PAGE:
Madjaribu is accused of organising a recruitment network for ADF using his numerous minibuses and motorcycles, which he would reportedly use to transport recruits to Beni forest via Butembo in North Kivu.
Beni territory, military sources said, is one of the strongholds of these armed groups, including ADF, with the terror group commanders, such as Musa Baluku aka Seka, Bonge La Chuma, Nasser Adbu Hamid Diiru, Elias Segujja aka Fezza, Sheikh Lumisa and Abdulrahman Wasswa aka PC Sentongo, expected to be hiding in this area.
Attempts to get a comment from the UPDF spokesperson, Brig. Flavia Byekwaso, over the arrest of Madjaribu and what they make of it, were futile.
The overall commander of the ongoing Operation Shujaa, Maj.
Gen. Kayanja Muhanga, recently announced that they had entered phase two of the operation in which he pledged to pursue the ADF on foot within the jungles of eastern DR Congo. Over 100 ADF extremists have been killed since the operation started on November 30.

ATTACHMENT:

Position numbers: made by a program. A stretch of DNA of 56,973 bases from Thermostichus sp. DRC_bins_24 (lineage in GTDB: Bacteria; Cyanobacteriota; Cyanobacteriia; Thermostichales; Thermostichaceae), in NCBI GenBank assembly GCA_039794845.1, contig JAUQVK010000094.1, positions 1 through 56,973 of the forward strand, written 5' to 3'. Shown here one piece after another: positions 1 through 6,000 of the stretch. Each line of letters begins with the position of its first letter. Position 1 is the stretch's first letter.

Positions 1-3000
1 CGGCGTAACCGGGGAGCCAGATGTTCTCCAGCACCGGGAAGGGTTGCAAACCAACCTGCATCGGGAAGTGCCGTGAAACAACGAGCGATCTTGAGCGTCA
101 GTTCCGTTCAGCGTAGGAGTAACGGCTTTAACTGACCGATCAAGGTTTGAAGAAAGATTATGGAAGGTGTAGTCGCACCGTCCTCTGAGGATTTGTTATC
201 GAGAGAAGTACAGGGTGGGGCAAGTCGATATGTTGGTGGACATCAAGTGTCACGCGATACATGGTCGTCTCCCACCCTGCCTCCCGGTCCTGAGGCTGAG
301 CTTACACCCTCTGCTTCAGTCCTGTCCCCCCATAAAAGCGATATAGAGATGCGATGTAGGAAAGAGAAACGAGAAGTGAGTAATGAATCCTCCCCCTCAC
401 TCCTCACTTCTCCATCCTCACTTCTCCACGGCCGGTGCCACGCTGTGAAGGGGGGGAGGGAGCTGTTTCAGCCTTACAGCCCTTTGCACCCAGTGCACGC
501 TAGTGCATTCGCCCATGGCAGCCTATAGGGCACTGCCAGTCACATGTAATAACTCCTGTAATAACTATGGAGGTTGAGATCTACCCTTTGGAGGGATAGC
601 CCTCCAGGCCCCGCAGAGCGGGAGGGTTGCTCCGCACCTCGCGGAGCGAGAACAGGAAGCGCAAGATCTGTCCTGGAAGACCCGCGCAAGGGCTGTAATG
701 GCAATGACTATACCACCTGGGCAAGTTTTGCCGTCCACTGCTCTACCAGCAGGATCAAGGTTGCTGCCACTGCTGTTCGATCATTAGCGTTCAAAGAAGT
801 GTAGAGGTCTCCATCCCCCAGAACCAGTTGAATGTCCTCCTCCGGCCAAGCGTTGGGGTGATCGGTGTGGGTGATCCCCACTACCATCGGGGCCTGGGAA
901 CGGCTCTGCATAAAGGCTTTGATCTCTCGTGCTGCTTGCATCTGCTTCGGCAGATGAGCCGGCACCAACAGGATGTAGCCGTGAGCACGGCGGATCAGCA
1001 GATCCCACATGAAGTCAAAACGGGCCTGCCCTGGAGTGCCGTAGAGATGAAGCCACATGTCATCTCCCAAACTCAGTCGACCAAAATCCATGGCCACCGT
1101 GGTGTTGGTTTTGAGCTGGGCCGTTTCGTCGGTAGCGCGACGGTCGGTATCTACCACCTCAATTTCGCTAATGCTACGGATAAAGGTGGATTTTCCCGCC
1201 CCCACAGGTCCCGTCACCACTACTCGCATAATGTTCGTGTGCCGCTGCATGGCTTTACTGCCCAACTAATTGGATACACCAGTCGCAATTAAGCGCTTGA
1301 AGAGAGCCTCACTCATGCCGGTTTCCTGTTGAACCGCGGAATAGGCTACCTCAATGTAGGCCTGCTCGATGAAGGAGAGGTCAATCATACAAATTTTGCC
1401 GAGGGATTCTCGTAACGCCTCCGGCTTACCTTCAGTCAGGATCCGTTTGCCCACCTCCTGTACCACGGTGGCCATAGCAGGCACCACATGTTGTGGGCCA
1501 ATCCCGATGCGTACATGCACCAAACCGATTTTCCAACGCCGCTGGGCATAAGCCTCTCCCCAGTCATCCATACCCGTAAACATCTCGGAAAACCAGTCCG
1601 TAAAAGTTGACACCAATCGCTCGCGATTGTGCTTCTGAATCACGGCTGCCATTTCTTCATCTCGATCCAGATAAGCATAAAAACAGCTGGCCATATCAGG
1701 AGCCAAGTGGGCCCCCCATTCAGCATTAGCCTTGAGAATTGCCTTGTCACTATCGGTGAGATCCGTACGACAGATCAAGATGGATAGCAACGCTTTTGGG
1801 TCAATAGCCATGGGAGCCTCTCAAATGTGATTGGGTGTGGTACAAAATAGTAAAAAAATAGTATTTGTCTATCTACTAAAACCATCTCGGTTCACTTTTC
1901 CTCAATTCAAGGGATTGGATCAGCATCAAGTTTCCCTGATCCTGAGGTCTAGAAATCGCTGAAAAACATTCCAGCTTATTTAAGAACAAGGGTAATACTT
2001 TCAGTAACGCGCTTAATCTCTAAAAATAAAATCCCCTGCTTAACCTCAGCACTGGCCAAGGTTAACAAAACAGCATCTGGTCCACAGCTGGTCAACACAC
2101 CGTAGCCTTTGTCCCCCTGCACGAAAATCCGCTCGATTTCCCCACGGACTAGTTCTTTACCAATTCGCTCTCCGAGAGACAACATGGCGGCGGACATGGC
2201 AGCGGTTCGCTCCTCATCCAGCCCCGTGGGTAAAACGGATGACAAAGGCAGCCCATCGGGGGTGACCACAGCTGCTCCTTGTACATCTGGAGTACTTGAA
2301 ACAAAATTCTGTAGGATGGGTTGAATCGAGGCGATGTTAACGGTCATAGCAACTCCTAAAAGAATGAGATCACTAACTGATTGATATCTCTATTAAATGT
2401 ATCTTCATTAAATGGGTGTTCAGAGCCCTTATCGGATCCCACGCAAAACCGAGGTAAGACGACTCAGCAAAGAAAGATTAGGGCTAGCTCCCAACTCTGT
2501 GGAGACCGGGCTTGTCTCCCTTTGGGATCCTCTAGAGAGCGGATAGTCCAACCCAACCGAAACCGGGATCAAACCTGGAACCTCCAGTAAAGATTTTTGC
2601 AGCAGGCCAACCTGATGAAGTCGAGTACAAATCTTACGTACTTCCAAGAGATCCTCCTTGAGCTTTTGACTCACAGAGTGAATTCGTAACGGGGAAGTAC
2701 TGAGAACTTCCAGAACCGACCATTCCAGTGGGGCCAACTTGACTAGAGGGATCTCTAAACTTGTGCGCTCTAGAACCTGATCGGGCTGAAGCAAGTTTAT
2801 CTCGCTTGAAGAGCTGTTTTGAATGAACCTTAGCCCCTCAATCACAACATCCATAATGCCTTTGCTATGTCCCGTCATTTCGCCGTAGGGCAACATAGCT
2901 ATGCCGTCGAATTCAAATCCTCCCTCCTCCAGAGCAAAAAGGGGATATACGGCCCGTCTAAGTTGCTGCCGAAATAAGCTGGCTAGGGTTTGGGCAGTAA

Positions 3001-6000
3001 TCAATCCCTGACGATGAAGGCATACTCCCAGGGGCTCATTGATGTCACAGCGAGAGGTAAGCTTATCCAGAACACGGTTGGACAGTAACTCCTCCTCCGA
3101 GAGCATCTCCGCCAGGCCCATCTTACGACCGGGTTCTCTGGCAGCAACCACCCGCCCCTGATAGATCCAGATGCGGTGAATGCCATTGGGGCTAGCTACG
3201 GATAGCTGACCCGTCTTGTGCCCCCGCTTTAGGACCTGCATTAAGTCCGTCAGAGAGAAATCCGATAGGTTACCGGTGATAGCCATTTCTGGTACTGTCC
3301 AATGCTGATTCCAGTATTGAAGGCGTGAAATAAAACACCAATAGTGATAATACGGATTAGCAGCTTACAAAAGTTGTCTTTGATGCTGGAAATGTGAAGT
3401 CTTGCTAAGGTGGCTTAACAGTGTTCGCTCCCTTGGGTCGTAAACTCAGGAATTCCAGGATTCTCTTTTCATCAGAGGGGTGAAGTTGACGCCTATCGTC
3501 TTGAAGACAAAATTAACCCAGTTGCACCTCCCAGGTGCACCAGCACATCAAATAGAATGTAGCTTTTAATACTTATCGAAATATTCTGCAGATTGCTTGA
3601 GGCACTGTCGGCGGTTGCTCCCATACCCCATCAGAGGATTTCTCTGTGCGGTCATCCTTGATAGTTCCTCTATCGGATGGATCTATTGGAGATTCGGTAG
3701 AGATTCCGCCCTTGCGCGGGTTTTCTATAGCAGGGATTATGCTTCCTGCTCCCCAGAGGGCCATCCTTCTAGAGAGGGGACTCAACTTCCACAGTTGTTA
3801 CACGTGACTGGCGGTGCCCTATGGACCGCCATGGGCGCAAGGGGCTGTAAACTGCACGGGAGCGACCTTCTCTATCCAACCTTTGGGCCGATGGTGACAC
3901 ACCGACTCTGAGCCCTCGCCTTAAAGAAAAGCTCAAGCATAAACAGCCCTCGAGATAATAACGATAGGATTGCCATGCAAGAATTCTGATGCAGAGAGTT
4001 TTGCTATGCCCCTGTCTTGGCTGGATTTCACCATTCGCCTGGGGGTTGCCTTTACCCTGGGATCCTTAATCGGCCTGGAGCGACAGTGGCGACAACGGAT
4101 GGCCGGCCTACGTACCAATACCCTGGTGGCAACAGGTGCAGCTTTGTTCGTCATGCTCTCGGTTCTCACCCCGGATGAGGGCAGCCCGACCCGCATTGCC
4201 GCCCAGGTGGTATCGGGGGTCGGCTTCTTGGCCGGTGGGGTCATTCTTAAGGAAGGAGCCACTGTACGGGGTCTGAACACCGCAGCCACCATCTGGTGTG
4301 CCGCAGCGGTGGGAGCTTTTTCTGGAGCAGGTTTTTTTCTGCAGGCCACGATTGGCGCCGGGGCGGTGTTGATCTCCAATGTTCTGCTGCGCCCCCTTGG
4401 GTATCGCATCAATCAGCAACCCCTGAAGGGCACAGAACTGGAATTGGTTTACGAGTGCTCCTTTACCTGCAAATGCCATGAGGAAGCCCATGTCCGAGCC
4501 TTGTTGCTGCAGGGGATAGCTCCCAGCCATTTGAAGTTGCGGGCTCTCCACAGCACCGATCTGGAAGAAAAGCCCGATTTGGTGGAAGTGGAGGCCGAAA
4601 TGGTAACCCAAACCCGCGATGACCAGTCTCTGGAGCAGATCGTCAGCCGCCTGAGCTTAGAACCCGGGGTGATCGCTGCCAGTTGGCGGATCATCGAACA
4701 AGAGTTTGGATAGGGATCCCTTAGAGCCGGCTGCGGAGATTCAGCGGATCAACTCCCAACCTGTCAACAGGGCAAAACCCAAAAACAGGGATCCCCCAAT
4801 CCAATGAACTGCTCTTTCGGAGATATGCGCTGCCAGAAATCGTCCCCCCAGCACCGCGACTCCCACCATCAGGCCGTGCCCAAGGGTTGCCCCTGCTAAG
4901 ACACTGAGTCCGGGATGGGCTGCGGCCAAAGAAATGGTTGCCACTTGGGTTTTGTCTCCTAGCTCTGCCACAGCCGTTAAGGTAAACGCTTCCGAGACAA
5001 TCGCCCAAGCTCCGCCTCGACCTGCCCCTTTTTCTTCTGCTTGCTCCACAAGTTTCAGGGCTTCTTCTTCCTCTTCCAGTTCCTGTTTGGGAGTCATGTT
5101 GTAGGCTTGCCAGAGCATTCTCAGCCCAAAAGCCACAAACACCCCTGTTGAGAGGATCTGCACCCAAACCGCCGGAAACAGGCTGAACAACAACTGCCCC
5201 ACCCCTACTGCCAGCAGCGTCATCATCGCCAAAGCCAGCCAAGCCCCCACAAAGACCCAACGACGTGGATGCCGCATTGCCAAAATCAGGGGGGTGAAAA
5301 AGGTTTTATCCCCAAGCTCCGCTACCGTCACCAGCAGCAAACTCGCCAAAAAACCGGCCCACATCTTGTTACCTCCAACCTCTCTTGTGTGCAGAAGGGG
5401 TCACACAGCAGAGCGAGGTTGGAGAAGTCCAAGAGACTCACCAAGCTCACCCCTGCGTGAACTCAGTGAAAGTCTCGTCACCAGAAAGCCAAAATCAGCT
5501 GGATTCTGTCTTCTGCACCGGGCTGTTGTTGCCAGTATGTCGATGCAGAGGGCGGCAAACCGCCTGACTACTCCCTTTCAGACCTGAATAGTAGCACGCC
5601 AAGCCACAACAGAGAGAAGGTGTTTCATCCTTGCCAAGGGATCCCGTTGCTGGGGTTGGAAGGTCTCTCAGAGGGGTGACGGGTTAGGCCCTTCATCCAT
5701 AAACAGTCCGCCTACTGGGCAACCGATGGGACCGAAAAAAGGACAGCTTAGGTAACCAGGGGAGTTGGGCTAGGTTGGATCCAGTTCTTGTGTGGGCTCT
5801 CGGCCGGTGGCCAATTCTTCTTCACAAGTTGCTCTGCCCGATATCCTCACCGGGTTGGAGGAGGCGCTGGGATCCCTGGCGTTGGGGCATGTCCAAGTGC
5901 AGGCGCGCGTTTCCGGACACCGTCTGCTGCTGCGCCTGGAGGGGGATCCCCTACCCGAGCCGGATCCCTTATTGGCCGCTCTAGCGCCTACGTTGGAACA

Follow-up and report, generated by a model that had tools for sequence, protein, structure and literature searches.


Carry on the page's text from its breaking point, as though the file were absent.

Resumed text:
More than 70 fighters have since surrendered to the Uganda-DRC joint forces.
The joint forces have hit at least six ADF camps, and they took over their biggest camp called Kambi Ya Yua on December 24.
*Recent ADF attacks*
The ADF extremists have been responsible for scores of deaths of civilians in DR Congo over the past few months.
In Uganda, the ADF were responsible for a series of bomb attacks last year, in which four suicide bombers died.
Some five other innocent lives perished in the attacks, which left many with injuries.
The ADF terrorists first attacked Digida pork joint in Komamboga, Kawempe division, on October 23 last year, where a person died.